Homeless-curbing camping law ramps up in Nevada City
A homeless man in Nevada City who has been granted the legal right to camp on public property was brought before the town’s City Council Tuesday.
He was greeted with congratulations and appreciation.
Since taking effect in January, Nevada City’s estimated 60 homeless people have found themselves either in violation of the homeless-curbing, no-camping ordinance or in a position where they must seek exemption from it, which involves the scrutiny of ensuring their campsite meets adequate health and safety standards.
William Peach is the first person in Nevada City to prove his campsite meets such standards.
“If a person is going to be a part of the community, you have to be responsible for your actions,” Peach told the council.
Peach’s appearance was part of Nevada City Police Chief Jim Wickham’s update to the council on the ordinance at their Tuesday meeting.
“He’s a good individual and he’s been very supportive of this program,” Wickham said.
Not only is Peach the ordinance’s poster child, he was actively involved in its formulation, along with representatives from homeless service organizations, Nevada City police and a chaplain.
“The reason I think this is going to work so well is because we have a broad spectrum of support in this,” Wickham told the council.
In addition to Peach, Wickham said that a handful of prospective sanctioned campers have approached the city.
“We do have a couple campsites, one that has an individual who has been there for 10-plus years,” Wickham said. “This is someone who has his lifestyle set.”
People with RVs who are visiting residents, customers avoiding intoxicated driving and folks staying for special events are not targeted for needing an exemption.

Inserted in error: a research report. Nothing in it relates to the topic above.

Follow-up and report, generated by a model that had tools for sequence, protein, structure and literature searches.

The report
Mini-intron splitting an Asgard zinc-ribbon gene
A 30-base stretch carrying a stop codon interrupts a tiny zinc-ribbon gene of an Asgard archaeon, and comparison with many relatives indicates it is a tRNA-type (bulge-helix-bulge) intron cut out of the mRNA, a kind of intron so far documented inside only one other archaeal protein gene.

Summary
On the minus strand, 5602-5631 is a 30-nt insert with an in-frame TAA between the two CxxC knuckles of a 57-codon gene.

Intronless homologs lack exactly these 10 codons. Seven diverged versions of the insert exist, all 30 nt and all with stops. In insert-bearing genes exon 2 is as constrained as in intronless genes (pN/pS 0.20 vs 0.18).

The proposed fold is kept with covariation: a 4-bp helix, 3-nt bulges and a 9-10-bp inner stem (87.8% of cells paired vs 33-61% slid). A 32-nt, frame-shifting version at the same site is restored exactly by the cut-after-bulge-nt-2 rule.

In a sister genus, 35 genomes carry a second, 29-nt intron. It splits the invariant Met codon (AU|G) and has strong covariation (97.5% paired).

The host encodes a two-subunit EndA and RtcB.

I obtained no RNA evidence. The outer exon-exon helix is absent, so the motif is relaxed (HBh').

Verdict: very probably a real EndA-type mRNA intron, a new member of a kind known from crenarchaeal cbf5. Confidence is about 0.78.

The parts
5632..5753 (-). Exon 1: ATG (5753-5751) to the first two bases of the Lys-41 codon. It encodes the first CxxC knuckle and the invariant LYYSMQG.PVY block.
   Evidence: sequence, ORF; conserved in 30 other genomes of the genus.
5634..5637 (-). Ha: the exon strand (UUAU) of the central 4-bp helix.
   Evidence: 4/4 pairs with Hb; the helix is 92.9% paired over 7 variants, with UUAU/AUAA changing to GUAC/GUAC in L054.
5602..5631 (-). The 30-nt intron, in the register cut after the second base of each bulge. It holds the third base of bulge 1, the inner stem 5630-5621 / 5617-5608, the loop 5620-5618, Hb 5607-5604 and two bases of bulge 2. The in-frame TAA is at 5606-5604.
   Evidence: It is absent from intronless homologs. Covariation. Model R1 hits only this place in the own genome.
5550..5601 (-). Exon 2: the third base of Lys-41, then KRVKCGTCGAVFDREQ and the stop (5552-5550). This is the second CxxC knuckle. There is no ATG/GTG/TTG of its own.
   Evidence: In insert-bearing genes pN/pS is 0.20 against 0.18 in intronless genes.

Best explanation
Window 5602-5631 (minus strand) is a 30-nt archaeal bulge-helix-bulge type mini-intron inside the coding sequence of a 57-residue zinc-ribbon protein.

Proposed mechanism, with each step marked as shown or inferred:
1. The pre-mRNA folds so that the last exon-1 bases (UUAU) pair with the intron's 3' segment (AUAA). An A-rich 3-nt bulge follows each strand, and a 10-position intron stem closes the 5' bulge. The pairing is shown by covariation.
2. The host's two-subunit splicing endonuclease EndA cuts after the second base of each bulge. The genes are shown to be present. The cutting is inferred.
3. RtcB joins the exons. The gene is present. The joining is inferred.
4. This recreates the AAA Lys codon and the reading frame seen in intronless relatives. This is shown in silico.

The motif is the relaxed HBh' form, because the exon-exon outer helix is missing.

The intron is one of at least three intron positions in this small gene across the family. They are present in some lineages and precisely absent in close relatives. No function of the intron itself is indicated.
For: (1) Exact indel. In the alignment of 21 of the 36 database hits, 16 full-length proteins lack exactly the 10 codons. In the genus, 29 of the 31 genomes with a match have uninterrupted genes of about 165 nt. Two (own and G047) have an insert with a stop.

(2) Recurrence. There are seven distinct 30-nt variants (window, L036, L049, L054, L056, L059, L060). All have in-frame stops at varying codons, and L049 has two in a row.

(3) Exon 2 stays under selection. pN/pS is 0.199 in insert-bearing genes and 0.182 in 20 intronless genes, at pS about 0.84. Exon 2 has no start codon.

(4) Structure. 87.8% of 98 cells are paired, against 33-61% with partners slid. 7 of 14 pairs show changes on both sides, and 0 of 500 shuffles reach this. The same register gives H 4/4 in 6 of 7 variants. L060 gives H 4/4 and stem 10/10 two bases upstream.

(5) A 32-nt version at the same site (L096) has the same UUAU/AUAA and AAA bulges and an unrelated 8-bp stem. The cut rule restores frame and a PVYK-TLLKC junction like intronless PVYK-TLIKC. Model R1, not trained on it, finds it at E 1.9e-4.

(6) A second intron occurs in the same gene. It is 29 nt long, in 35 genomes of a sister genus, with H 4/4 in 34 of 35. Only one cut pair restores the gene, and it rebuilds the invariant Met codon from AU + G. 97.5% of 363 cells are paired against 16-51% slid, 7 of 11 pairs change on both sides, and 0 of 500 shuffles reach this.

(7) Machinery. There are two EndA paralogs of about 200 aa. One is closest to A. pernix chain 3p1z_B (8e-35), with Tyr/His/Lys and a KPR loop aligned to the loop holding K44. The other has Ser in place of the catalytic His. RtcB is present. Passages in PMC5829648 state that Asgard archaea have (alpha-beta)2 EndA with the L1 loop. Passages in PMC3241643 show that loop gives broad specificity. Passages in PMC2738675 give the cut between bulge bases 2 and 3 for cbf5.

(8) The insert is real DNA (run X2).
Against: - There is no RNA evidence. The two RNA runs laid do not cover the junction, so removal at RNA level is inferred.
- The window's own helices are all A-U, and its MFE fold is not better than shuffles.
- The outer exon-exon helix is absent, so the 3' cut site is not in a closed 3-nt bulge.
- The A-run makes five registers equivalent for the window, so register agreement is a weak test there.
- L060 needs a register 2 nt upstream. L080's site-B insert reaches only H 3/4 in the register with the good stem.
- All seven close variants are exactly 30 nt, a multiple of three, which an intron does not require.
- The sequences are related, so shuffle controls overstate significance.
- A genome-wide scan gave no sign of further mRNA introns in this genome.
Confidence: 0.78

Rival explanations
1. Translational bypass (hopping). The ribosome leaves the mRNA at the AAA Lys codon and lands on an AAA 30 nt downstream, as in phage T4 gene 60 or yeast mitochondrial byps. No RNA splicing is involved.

“The program is moving forward,” Wickham said. “It’s in the early stages and everyone is watching us to see how it is going.”
Beyond those seeking compliance, Wickham said the ordinance is already having a measurable effect through the posting of notices alone.
In recent surveys of Sugarloaf Mountain, which the city purchased in 2011 and subsequently annexed, police posted signs informing the occupants of an estimated 15 campsites that the new no-camping ordinance was taking effect.
After the signs went up, Wickham said only three of campsites remained inhabited.
“The majority of the individuals living in those communities don’t want to deal with law enforcement,” Wickham said during his presentation, amid a backdrop of photos taken at Sugarloaf featuring heaps of trash and other waste at multiple sites on the mountain.
“We found some specific areas that are hot spots of trash,” Wickham said. “If we don’t manage our public space properly, we’ll continue to have this trash problem.”
Wickham reported that the public works department estimated it would cost more than $2,000 to clean up the accumulated trash at Sugarloaf.
Mayor Duane Strawser pointed out that not all of the trash at those sites was placed there by homeless people.
“It is exaggerating the perception that it is our homeless population causing that,” Strawser said, with which the police chief agreed, adding that the trash had accumulated over time.
As for the ordinance’s effectiveness, Peach said it is up to each person to comply.
“I think it is according to the individual,” Peach said. “What works for me may not work for another, but you have to start somewhere.”
To contact Staff Writer Christopher Rosacker, e-mail email@example.com or call 530-477-4236.
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